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Wednesday, January 02, 2013 8:15 PM

Lawmakers divided over fiscal cliff deal

By CRYSTAL HERBER, Herald Staff Writer

After weeks of negotiations, debate and bickering, it appears the United States is backing away from the edge of a $600-billion cliff.

Politicos struck a bipartisan deal Tuesday, successfully averting the so-called “fiscal cliff” for at least another two months.

Going over the metaphoric cliff would have meant an economy-punching half-trillion-dollar combination of sweeping tax increases and spending cuts, according to the Associated Press. Instead, the last-minute deal between lawmakers and the White House raises the top income tax rate on families earning more than $450,000 a year — about 1 percent of U.S. households — and includes about $12 billion in spending cuts.

Kansas’ Congressional delegation was split in its members’ votes, but one local politician said he agreed with the Sunflower State’s House representatives who voted against the deal.

Kevin Jones, R-Wellsville, newly elected to Kansas House District 5, said Wednesday he thought Republican U.S. Reps. Lynn Jenkins, Tim Huelskamp, Kevin Yoder and Mike Pompeo made the right choice in opposing the plan.

The House ultimately passed the bill 257-167 without their support.

The Senate passed the bill 89-8 with backing from Kansas’ Republican U.S. senators, Jerry Moran and Pat Roberts.

“I would agree with [the Kansas House members],” Jones said, noting he thought most Kansans also would agree with their no votes. “I congratulate them for actually listening to their constituents in voting the way they did.”

Three of the four Kansas representatives released statements detailing their thoughts on the deal and the predicament facing the United States. Each was adamant that the solution to the country’s budget deficit — at more than $45 trillion — is not in only increasing taxes, but also in cutting spending. 

“I believe government overspending will not be cured by sending more tax dollars to Washington, D.C.,” Yoder, of Kansas’ 1st District, said. “I could not support legislation that raised taxes without cutting spending and solving the debt crisis that plagues our nation.”

Jenkins, of Kansas’ 2nd District, deemed what she called “autopilot spending” as a major threat to the nation’s economy. 

“Our autopilot spending is eating our country’s fiscal health alive,” she said. “If there is anything everyone should agree on, it is the best New Year’s resolution for Congress is to finally address our spending problem, and start by passing a responsible budget.”

Huelskamp was more distrustful of the Senate’s votes in his statement about the deal.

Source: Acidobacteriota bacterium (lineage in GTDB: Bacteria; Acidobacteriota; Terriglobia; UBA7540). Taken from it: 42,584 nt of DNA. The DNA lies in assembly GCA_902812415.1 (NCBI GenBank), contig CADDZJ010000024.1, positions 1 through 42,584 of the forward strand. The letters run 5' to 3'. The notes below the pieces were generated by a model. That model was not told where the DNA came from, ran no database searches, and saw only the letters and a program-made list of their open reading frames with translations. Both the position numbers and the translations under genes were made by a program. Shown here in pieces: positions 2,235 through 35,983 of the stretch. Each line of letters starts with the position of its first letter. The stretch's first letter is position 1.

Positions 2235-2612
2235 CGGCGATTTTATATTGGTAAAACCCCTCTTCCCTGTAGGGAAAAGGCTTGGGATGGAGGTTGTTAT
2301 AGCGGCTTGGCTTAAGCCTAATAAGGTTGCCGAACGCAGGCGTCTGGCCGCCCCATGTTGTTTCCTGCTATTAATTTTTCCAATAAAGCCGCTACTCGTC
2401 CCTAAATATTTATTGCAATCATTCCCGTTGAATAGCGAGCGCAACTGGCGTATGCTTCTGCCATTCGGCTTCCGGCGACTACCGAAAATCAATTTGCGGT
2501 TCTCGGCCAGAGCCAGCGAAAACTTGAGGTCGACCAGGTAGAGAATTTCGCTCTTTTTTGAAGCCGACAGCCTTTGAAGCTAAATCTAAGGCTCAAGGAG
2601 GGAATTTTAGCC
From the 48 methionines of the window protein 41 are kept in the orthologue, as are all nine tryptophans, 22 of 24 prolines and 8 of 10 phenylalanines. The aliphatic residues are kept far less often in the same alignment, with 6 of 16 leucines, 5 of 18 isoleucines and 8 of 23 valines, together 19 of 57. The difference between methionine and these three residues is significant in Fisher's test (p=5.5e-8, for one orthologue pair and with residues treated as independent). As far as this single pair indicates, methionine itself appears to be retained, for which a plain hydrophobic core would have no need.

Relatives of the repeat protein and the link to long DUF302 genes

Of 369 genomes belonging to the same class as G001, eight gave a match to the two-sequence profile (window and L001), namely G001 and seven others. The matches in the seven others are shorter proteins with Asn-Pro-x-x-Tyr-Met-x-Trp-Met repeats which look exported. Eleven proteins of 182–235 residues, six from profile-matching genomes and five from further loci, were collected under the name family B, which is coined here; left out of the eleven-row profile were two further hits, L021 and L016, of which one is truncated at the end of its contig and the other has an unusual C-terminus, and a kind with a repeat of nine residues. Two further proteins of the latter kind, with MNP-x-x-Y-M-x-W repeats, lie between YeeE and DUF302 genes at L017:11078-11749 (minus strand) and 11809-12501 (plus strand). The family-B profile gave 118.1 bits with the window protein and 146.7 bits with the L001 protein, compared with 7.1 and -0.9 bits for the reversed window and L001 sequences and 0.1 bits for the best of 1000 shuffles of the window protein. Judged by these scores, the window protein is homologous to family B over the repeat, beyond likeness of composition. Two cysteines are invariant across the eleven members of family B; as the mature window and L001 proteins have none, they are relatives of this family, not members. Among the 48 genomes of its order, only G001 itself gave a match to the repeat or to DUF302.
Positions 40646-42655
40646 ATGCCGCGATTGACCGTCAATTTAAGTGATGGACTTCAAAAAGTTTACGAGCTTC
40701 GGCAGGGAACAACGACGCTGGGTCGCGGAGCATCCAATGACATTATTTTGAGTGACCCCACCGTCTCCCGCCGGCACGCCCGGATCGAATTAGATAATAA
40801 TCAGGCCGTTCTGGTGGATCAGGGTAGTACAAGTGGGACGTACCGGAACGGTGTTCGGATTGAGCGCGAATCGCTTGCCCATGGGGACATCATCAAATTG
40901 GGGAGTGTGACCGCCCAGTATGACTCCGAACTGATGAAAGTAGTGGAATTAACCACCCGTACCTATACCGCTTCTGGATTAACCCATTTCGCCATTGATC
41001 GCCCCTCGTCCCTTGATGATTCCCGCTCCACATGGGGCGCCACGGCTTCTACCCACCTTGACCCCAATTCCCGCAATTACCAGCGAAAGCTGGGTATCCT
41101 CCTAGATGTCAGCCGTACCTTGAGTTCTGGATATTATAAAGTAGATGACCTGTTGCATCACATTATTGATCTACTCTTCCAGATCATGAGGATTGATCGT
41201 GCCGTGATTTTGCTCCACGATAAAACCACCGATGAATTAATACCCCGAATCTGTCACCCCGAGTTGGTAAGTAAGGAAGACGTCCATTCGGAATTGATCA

“This looks like typical insider deal for Washington, D.C., where they get 89 votes in the Senate, but at the end of the day, our debt will get bigger, spending will go up, taxes will increase, and I think Americans will continue to be very upset at Washington,” Huelskamp said. 

While going over the “cliff” also wasn’t a good option, Jones said, he didn’t agree with the affirmative votes on the deal by Moran and Roberts. Though he said he didn’t fully understand the reasons behind the senators’ choices, Jones said he was disappointed with their votes.

Moran released a statement explaining his vote. The biggest reason, he said, was keeping taxes lower. 

“My goal has been to see that these tax increases affect the fewest number of Americans as possible. This bill protects 99 percent of all Americans,” Moran said in a statement released Wednesday. “With permanent tax rates in place, families and business owners can have the certainty necessary to make economic decisions, invest in capital and equipment, create jobs, and grow the economy.”

Tuesday’s deal between feuding Democrats and Republicans in the House and Senate, of course, does not mean taxes won’t increase on most American. Everyone receiving a paycheck in 2013 will see a 2-percent increase in the amount of payroll tax deducted from their checks. The increase is necessary because the deal did not extend the 4.2-percent tax rate workers had been paying for the past two years. That means workers earning the national average salary of $41,000 will receive $32 less on every biweekly paycheck. 

Also as part of Tuesday’s deal, the income tax rate for individual earners above $400,000 and families earning above $450,000 will increase. And a newly-enacted Medicare payroll tax and investment income tax likely will be felt by the wealthiest 2 percent of Americans in 2013. 

Simply raising taxes on the wealthy is not the answer, Jones, who said he is in favor of reducing taxes when possible, said. The wealthy are the job creators, Jones said, and therefore should not be punished, or taxed, for creating those jobs — especially while unemployment remains high. 

“Anytime you raise taxes, it affects everything,” Jones said. “Our leadership voted essentially to raise our taxes, but it’s not an answer to our deficit.”

Though the full impact of Tuesday’s deal has yet to be fully felt, Wall Street traders responded quickly. The Dow Jones Industrial Average gained roughly 308 points, or 2.4 percent, following news of the deal. All 30 Dow stocks showed solid gains, and the S&P 500 and Nasdaq posted their largest percentage increases since late 2011.

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